FLOC: Faith and labor leaders to withdraw millions from Chase Bank
DETROIT: At a news conference Friday, Sept. 24, 2010 at Central United Methodist Church, faith and labor leaders announced their intention to withdraw hundreds of millions of dollars from JPMorgan Chase Bank.
Their protest is driven by the bank’s refusal to declare a two-year moratorium on foreclosures in Michigan and its continuing ties with RJ Reynolds Corp. The tobacco giant, financed by JP Morgan Chase, has refused to engage in negotiations with the Farm Labor Organizing Committee (FLOC) over low wages and unsafe working conditions at farms of contract growers in North Carolina.
UAW President Bob King, who has just returned from a fact-finding tour of the North Carolina tobacco fields, is prepared to remove all of its funds from the bank.
“Chase needs to help unemployed homeowners in Michigan and underpaid farm workers in the Carolinas,” King said. “The bank could make a huge difference by suspending foreclosures and pressuring RJ Reynolds to do the right thing.”
Campaign leaders are calling on citizens to support their efforts by pledging to close their accounts at the bank and cancel their Chase credit cards.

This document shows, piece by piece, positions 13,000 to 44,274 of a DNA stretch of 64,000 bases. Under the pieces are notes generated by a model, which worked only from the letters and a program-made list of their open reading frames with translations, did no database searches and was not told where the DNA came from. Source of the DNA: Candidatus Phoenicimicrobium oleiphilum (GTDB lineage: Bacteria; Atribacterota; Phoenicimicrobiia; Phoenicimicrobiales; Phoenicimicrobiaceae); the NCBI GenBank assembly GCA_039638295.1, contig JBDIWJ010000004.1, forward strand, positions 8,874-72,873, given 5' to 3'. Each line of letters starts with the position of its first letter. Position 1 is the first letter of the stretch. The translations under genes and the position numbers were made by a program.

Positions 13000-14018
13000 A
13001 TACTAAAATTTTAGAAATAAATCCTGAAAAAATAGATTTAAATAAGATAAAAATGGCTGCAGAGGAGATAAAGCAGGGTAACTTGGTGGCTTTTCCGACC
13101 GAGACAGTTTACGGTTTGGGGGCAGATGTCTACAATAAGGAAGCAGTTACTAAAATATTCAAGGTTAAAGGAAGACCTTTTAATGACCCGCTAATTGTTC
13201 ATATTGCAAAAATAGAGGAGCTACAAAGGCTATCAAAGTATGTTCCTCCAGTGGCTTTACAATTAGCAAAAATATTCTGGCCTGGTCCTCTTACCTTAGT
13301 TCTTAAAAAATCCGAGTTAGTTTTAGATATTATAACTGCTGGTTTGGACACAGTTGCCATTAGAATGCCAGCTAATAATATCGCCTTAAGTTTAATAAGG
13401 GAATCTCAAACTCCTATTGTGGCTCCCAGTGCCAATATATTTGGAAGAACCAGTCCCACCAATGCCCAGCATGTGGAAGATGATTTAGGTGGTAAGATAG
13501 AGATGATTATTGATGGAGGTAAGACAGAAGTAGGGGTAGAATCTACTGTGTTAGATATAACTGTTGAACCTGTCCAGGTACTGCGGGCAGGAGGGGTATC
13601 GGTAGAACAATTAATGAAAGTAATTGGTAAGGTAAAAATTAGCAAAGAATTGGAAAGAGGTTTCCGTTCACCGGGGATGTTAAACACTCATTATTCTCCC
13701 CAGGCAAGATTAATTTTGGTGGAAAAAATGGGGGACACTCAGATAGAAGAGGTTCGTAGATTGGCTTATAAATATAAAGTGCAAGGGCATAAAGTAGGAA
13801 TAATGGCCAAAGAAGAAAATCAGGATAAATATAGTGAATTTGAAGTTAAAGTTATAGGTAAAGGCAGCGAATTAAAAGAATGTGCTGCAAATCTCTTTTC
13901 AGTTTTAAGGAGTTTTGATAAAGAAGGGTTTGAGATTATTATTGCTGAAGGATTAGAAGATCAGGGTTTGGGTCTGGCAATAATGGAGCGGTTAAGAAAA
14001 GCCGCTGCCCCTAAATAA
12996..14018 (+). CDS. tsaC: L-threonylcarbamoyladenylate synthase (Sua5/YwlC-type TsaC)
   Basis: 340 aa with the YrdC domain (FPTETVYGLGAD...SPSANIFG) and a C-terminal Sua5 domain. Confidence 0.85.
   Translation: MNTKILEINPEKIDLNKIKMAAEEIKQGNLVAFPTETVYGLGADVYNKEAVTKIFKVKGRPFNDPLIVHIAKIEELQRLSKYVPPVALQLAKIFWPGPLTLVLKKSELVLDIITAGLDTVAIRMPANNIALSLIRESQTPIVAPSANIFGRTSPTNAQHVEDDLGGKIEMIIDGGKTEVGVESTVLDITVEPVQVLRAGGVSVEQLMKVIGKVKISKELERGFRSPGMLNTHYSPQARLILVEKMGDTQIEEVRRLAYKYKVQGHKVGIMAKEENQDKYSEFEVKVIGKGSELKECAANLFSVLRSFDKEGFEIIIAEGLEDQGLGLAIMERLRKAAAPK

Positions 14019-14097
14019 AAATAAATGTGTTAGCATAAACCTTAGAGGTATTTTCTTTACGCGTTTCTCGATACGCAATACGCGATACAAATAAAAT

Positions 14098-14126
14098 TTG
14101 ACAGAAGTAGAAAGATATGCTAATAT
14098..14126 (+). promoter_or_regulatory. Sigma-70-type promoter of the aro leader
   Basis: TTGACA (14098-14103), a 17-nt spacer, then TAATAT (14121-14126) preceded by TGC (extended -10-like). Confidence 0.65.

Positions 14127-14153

About 1,000 demonstrators marched on Chase Bank in June seeking a hearing with the bank’s officers on both of these issues. Chase officials met with King, Pastor D. Alexander Bullock of the Rainbow PUSH coalition, FLOC President Baldemar Velásquez, and the Rev. Ed Rowe of Central United Methodist Church.
At a follow-up meeting in August, campaign leaders called on Chase to join President Barack Obama’s Hardest Hit Homeowners program and declare a temporary 90-day moratorium.
Participants in these discussions believed the bank had made a good-faith commitment to continue the dialogue, but Chase has since failed to communicate its intentions regarding any of the issues raised.
“This is a matter of life and death,” said Pastor Bullock. “The words of Chase officials that they are willing to help the thousands who are living in undervalued homes and facing possible eviction is unconvincing in light of their refusal to seriously consider a moratorium on foreclosures.”
Community leaders are calling on Michigan Democratic Congressman John Conyers to initiate hearings on the failure of Chase and other banks to effectively implement federal programs calling for mortgage modifications to keep people in their homes.